THE HUDSUCKER PROXY isn’t the Coen Brothers worst movie; that would be The Ladykillers, but this 1994 style pastiche is by far their biggest loser. By the time advertising and marketing costs were added in, it was a $40,000,000 bet. One-hand-applause reviews didn’t help the muttered audience word-of-mouth and it hudsucked its way to a gross of a mirthless $2,800,000—a colossal misfire. This time the precociously talented duo not only rammed their unwashed hands in the cookie jar; they seemed to be smirking that they owned all the treats previously baked for them by others. It’s called Smug.
Set at the tail end of 1958, the 111 frantic minutes spin dizzily around ‘Norville Barnes’ (Tim Robbins), catapulted by fate from his mailroom minion slavery to become a ‘proxy’ fall guy for Hudsucker Industries scheme to depress stock so a takeover can occur, per the wishes of the ruthless ‘Sidney J. Mussburger’ (Paul Newman). Brassy dame reporter ‘Amy Archer’ (Jennifer Jason Leigh) smells a scoop. Someone needs to pull a Big O out of thin air.
Luxuriously inventive production design re-imagines the period and nonstop directorial razzle-dazzle runs camera (Roger Deakins), music (Carter Burwell) and cast in frenzied circles to such an extent that the showing off becomes an oxygen-depleting blur, with enough shouting for a World Cup riot. Their cleverness with dialogue self-sabotages as the uber-detailed late 50s mocking is intersticed with references to 1930s screwball comedies, 1940s film noir and post-1970s future-bleak ala Brazil (like once wasn’t enough). Not able to decide which facet of their theme to pillage best—What’s Wrong With Us (i.e. the rest of the clown-country outside of the insular Coen bubble)— they fracture their first mainstream movie into a schizoid circus, and revel in shoving excess (a parade of mostly unattractive people yelling at you) in your face. After ten minutes you get it, and have had it—but it doesn’t stop.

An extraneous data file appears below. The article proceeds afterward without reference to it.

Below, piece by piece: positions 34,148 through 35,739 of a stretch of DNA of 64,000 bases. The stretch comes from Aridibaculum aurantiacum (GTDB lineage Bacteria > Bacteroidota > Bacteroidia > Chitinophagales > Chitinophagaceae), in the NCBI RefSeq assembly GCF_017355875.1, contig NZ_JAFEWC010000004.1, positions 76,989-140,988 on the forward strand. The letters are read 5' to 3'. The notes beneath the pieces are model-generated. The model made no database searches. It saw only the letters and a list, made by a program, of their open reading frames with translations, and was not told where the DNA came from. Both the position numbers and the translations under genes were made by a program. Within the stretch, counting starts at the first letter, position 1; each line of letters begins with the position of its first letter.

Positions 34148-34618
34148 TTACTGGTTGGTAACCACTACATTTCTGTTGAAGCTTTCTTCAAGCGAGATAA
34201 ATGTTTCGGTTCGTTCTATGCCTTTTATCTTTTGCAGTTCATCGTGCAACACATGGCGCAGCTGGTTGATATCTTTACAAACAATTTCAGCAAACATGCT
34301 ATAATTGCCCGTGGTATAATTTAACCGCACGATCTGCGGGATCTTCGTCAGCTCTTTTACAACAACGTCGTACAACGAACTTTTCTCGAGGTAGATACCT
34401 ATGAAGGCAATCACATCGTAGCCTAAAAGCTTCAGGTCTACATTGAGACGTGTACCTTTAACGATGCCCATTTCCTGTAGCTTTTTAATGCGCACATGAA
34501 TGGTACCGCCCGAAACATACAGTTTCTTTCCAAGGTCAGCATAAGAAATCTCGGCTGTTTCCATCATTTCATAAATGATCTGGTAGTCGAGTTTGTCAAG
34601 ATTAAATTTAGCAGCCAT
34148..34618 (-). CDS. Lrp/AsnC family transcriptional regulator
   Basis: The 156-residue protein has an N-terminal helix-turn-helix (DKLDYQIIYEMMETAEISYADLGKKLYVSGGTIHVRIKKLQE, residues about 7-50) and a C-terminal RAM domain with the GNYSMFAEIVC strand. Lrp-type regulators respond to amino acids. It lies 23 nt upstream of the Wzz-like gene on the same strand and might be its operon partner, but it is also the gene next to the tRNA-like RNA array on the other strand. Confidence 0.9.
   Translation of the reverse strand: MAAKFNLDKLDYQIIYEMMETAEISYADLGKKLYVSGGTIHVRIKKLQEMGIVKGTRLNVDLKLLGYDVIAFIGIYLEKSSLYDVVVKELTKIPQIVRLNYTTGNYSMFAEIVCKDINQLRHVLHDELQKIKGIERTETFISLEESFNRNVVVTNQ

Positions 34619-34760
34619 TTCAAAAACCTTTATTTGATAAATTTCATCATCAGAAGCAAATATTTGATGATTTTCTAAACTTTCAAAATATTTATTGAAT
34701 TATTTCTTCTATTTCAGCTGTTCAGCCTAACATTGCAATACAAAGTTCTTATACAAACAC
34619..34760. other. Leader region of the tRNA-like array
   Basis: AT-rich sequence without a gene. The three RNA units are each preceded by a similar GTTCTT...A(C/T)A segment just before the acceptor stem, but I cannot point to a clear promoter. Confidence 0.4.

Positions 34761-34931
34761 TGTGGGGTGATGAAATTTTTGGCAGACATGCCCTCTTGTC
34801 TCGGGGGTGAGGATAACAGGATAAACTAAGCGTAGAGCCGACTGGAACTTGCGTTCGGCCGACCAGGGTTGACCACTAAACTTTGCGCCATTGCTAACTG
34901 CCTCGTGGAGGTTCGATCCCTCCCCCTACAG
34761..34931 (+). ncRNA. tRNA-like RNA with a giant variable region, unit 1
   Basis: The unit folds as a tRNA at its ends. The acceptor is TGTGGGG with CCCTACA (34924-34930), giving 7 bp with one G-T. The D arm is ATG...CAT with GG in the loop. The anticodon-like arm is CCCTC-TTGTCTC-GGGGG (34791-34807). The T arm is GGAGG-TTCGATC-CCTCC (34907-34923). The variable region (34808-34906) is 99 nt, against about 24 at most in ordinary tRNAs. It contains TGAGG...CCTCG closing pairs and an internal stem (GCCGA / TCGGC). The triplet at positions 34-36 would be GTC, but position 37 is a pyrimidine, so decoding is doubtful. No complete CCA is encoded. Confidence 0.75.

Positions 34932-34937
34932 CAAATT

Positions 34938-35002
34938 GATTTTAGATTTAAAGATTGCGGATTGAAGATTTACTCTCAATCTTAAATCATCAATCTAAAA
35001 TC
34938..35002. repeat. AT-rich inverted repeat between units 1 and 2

Robbins is a sharp choice for the dimwit hero, Newman an old pro as the crush’em executive, and Leigh bravely takes on the challenge of channeling both Katherine Hepburn and Rosalind Russell. They’re all fine, and the art direction (Frank Lloyd Wright meets Albert Speer via Gotham City) is splendid, but this sendup/homage/putdown/go-one-better of Hawks/Capra/McCarey/Sturges lacks the crucial element all those old guys saw fit to include: heart.
By far the highlight is a brilliantly edited sequence covering the explosion of the hula hoop craze—fast, funny and charming, it has the perfect blend of satire and warmth that the Coen’s deliver at their best—and it was directed by co-writer Sam Raimi. For the restless rest, the brothers scripted and shared direction between them ( Joel is credited, with Ethan taking producer status).
With Jim True-Frost (yelling), Bill Cobbs, John Mahoney (yelling), Charles Durning (plummeting), Anna Nicole Smith, Steve Buscemi, Peter Gallegher, Bruce Campbell, Joe Grifasi and Jon Polito (yelling).
The Coen’s redeemed themselves and the faith of their followers with a bim-bam-boom of Fargo, The Big Lebowski and O Brother, Where Art Thou?